Messaging Musk: How I Got Invited To Beta-Test Starlink

Leon Davies, the Sustainability Consultant

Clean-tech entrepreneur Elon Musk is a man who never fails to surprise. But I must admit to being knocked for six when I received a DM from him. I'd dropped him a cheeky Tweet to offer to beta-test Starlink, the new satellite internet technology that SpaceX is developing. Obviously, I thought I'd have more chance of taking a flight to the moon than hearing from him. That's why when Elon got back to me, I was more than a little gobsmacked. 

Even after Elon had agreed to let me amongst the first 1% of people in Europe to beta-test Starlink, I didn't really believe it. But when, some weeks later, the complete kit – including a £4,500 satellite - was delivered to my front door, it became clear I wasn't dreaming. As a pioneer in electric vehicle technology, Elon has inspired me. It's thanks to trailblazers like him that clean-tech entrepreneurs like me have been able to launch our EV businesses. Now I was about to take part in the development of his latest innovation. 

What is Starlink? 

For the uninitiated, Starlink is SpaceX's satellite internet constellation, built to provide superfast global internet coverage. The business is aimed at selling high-speed internet access to anyone in the world, particularly those in rural areas where broadband connectivity is limited or non-existent. It works by deploying a network of orbital satellites that are 60 times closer to the earth than traditional satellites. In doing this, the company cuts the time it takes to send data from one point to the next. The term they use is 'lower latency' internet that offers high speeds and high performance. As the company grows and deploys more satellites, so the service becomes even better. So far, in two 2021 launches, SpaceX has sent 120 satellites up. 

While I cannot claim that I live in a particularly rural area, Norfolk as a county is infamous for internet connectivity challenges. Too many people here don't have reliable internet, and this issue limits potential here in the county. However, Starlink can level the playing field and deliver the kind of internet coverage that Norfolk and other rural areas globally should have access to. I'm so excited about the opportunities it'll provide for innovators and business in the local area, as well as domestic internet users. The expected cost per month is likely to be £89. 

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Getting set up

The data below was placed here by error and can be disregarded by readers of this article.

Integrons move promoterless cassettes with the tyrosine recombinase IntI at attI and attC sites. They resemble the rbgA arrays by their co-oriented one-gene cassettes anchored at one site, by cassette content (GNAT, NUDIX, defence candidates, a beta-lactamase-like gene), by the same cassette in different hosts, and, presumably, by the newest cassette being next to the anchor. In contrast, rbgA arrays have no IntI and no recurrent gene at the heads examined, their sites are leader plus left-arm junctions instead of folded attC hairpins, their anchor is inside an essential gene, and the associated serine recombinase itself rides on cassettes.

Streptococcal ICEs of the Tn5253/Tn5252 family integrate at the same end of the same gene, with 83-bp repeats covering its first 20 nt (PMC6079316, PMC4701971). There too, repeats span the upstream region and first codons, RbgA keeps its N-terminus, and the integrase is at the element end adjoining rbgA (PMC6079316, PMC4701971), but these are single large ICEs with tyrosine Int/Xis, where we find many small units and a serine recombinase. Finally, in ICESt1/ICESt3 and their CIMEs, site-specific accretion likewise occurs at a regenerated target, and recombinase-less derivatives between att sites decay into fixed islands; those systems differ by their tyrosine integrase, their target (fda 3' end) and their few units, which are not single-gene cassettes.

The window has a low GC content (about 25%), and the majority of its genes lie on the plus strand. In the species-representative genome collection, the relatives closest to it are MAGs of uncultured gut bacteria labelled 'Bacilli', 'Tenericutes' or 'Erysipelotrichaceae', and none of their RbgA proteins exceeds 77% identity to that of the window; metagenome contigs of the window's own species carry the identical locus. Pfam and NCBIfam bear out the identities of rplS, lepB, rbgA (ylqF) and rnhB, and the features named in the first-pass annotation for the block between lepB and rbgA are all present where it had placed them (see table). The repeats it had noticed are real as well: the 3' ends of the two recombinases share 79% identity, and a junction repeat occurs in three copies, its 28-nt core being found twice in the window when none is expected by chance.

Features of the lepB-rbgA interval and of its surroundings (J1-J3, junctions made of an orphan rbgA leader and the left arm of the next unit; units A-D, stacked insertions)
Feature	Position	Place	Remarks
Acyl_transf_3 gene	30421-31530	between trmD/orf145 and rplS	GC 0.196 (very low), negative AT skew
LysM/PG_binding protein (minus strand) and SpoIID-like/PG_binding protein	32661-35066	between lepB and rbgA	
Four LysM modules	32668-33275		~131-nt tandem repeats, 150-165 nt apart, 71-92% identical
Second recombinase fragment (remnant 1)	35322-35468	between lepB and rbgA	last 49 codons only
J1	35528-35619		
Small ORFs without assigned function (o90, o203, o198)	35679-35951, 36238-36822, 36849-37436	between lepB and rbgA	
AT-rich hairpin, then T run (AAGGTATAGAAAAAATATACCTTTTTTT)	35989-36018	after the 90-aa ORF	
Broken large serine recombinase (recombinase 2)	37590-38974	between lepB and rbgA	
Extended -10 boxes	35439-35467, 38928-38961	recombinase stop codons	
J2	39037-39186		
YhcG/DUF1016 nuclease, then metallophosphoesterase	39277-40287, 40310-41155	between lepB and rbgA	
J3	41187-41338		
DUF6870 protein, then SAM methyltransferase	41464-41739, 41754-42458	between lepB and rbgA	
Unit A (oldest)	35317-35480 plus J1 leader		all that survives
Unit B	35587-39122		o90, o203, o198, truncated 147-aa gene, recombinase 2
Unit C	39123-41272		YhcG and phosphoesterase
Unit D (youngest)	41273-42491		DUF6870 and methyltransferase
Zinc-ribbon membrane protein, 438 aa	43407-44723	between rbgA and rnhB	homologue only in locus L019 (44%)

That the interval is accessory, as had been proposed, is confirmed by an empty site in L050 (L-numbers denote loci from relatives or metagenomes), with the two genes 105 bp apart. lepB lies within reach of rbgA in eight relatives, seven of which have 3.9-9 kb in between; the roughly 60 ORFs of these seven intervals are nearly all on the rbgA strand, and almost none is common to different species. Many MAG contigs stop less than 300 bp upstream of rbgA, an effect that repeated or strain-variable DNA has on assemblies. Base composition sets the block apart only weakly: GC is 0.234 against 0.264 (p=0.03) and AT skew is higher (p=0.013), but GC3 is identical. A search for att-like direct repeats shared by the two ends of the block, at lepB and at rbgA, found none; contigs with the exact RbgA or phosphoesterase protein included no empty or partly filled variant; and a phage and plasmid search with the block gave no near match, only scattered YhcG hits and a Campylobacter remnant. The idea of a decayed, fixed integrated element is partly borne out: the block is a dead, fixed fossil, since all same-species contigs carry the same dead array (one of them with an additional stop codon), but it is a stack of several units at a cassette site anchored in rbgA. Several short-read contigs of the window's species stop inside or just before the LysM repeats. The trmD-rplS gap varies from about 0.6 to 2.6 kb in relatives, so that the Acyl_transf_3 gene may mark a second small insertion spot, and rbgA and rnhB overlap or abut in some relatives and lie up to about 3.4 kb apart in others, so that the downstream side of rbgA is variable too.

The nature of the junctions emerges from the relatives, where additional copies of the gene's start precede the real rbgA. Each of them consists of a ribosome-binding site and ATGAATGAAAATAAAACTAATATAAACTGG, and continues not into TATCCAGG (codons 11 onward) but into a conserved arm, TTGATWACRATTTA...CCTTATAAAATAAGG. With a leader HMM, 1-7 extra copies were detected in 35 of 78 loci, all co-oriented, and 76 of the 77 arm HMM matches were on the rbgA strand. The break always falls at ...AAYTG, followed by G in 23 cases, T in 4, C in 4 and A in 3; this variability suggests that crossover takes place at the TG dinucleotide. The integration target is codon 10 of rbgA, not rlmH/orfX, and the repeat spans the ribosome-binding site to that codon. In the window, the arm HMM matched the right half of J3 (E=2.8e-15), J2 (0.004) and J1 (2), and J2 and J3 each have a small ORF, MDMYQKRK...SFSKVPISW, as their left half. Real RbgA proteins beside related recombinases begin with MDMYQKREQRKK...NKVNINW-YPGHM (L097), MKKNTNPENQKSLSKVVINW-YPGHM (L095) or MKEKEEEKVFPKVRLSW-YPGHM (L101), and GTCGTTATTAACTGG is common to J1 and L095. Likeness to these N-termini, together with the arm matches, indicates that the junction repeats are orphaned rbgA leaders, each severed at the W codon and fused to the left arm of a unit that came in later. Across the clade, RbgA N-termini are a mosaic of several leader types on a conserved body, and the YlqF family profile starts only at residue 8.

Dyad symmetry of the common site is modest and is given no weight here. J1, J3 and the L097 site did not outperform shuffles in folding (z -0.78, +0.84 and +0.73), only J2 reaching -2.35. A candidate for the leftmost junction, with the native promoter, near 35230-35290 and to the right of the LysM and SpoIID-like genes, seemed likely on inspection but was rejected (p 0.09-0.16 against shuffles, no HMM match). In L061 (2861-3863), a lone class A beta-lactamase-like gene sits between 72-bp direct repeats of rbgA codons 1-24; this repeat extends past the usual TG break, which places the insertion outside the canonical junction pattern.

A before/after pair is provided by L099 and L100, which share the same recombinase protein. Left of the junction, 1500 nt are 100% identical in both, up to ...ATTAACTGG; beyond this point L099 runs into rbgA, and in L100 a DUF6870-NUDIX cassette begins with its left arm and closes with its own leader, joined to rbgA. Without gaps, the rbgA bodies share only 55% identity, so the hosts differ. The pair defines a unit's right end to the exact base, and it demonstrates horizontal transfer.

The kit itself was simple to assemble. I was sent a small satellite which I set up to receive the signal and pass the bandwidth onto a router. First, I had to download the Starlink app, which gave me advice on where best to position my satellite with clear access to the sky. Once mounted on the tripod they sent me, I connected it with the cables to the router. During this beta testing period, I'm told to expect speeds varying from 50Mb/s to 150Mb/s. This speed should increase as more Starlink satellites are deployed. 

If Elon Musk's current projections are correct, we could be looking at a global rollout for the Starlink system by 2022. It'll be a gamechanger, and it's thrilling to be part of helping them test and develop it further. I'm hoping to make some videos in the next few weeks to show how I'm getting on with my Starlink satellite and my thoughts on the kit. It's going to be fascinating to see how it goes. 

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Be inspired  

I hope you'll be encouraged by this story to reach out to the people who inspire you. I never thought that Elon Musk would read my message, let alone respond and invite me to beta test Starlink, but it happened. If an ordinary person like me can get an opportunity like this, it should inspire you to be bold and speak up when you want to be part of something big. If you are willing to ask for something or put yourself forward, you never know what might happen. Why not take a chance?

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You can view this article from Leon here

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